NY MMA Bill passes next step.....

 The NY MMA Bill has now passed the Assembly Codes Committee, and will now proceed to Ways and Means.....





lets hope the senate can stop fighting and pass this when the time comes !


 RIP underground shows





Senate Stays Paralyzed; So Do Bills Big and Small

ALBANY -- In the week since the State Senate was thrown into disarray by a coup that left Democrats and Republicans fighting over who is in charge, the Capitol has taken on the air of a tragic comedy.

But amid all the absurdity, it can be easy to forget that real business does go on in Albany, and that the votes lawmakers take every day can mean the difference of tens of millions of dollars for local governments across the state.

The Assembly has passed dozens of bills in recent weeks that would allow counties to charge additional sales tax. But those bills have been bottled up in the Senate, which has not taken action on a single piece of legislation since June 8.

"That's the thing that I think is being missed by most people," said Joanne M. Mahoney, county executive for Onondaga County, which includes Syracuse. "I don't know if they realize this has very real consequences for us on the local level. This pays for our schools, our public safety. It's $40 million for our budget."

Onondaga County, like many others across New York, charges an additional 4 percent sales tax on top of the 4 percent charged by the state. But in order to do that, it needs permission from the Legislature every two years.

With the recession pinching the budgets of local governments, sales tax revenue is especially critical this year. And many county leaders are beginning to worry that the Senate stalemate will hurt their budgetary bottom lines.

"This would not be the time for that to happen," said James E. Eisel Sr., the chairman of the Delaware County Board of Supervisors, who estimated the county would lose $5 million a year if the tax were not renewed. "We need it. There's no question about it."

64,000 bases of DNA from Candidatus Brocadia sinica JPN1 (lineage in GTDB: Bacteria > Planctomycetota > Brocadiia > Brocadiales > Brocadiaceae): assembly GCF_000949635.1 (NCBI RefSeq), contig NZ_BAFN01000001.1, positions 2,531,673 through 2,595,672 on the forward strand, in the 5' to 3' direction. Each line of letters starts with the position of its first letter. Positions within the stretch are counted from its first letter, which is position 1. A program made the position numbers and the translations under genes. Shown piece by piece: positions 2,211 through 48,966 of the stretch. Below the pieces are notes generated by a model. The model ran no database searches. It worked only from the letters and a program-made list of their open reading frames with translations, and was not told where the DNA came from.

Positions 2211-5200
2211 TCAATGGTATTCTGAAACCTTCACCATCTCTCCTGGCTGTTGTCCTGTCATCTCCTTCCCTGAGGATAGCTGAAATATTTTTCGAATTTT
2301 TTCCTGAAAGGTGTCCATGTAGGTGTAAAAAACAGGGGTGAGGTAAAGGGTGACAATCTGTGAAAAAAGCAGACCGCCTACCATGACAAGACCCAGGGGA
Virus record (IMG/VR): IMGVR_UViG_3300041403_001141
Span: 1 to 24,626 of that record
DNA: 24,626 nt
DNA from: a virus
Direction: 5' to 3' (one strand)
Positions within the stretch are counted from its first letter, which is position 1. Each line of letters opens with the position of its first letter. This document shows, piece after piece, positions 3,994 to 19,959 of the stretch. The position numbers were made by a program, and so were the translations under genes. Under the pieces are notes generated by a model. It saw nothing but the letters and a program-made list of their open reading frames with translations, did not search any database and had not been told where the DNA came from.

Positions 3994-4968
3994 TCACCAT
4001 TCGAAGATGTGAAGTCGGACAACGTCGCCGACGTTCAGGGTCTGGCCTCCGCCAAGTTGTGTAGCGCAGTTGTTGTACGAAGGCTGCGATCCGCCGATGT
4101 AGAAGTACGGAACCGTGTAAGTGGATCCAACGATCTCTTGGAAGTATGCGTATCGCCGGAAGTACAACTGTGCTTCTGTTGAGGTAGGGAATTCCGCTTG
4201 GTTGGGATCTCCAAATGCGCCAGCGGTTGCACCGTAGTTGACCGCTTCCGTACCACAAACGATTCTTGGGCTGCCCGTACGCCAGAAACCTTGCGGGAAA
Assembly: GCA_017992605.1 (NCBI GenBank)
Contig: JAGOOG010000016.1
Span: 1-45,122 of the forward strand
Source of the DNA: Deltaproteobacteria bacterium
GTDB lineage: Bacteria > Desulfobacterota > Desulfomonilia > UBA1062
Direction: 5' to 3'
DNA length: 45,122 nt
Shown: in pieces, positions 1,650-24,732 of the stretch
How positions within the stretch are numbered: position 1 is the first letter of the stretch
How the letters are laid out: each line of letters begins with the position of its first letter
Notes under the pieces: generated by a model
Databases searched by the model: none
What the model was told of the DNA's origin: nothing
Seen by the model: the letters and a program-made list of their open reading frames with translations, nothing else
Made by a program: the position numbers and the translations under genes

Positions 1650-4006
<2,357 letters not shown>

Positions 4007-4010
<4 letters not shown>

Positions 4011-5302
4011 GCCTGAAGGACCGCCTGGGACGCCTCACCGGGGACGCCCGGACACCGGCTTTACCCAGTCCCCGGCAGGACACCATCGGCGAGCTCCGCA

Revenue bills, of course, are not the only items thrown into uncertainty by the Senate leadership dispute. Major issues like governance of New York City schools, which the Assembly approved on Wednesday, and same-sex marriage are up in the air.

So are smaller-impact bills the Assembly has passed, like one that would designate May 17 as Thurgood Marshall Day, and one to rename a portion of State Route 38, which runs through the Finger Lakes region, as the Vietnam Veterans' Memorial Highway of Valor.

Senate Republicans have tried to vote on these and other bills but could not take any action because Democrats have refused to take their seats in a show of protest, claiming that the Republican coup was illegal.

The Senate has been split evenly at 31-31 since Senator Hiram Monserrate, one of two Democrats who initially sided with Republicans to oust Democrats from power, flipped back to the Democratic side of the aisle. Without a majority vote of 32, the Senate cannot act.

The stalemate has spawned some creative suggestions and legal theories.

Senator Pedro Espada Jr., the other Democrat who sided with Republicans and was elected as the new Senate president in last week's overthrow, said on Wednesday that the State Constitution allowed him to cast two votes in the case of a tie: one as senator, and one as acting lieutenant governor, who is empowered by the Constitution to cast a vote in the event of a tie. (Because the lieutenant governor's office is vacant, that office's powers fall to the Senate president.)

The constitutional language in question is vague, and any such move would probably lead to litigation by Democrats.

Mr. Espada also said that should the Democrats not return to the chamber on Thursday, his two votes, added to 30 votes from Republican senators, would be sufficient to provide the legal equivalent of a quorum.

"We're maintaining that if there are 31 members present, and ready to vote, those 31 members can ask for a tie-breaking vote to be cast," Mr. Espada said.

Democrats blasted Mr. Espada's theory as absurd.

"That's like asking to get a vote for every district you supposedly live in," said Austin Shafran, the spokesman for the Senate Democrats.

He was alluding to the continuing investigations by the state attorney general and the Bronx district attorney into whether Mr. Espada, who has a residence in Westchester County but represents the Bronx, spends enough time at his home in his district.

 UFC @ The Garden FTW

So did this pass or not?

to become a law, the bill has to get through both the assembly and the senate. it's making its way through the assembly; it's stalled (like everything else) in the senate.

But it DID pass through the Codes commission?

Wonder why no major news sites have picked this up? They covered when it passed through its initial vote.

the vote in the tourism, arts and sports development was huge because that was the biggest hurdle. also, because of the nonsense going on in the senate, there's a big chance the bill ain't getting done this session.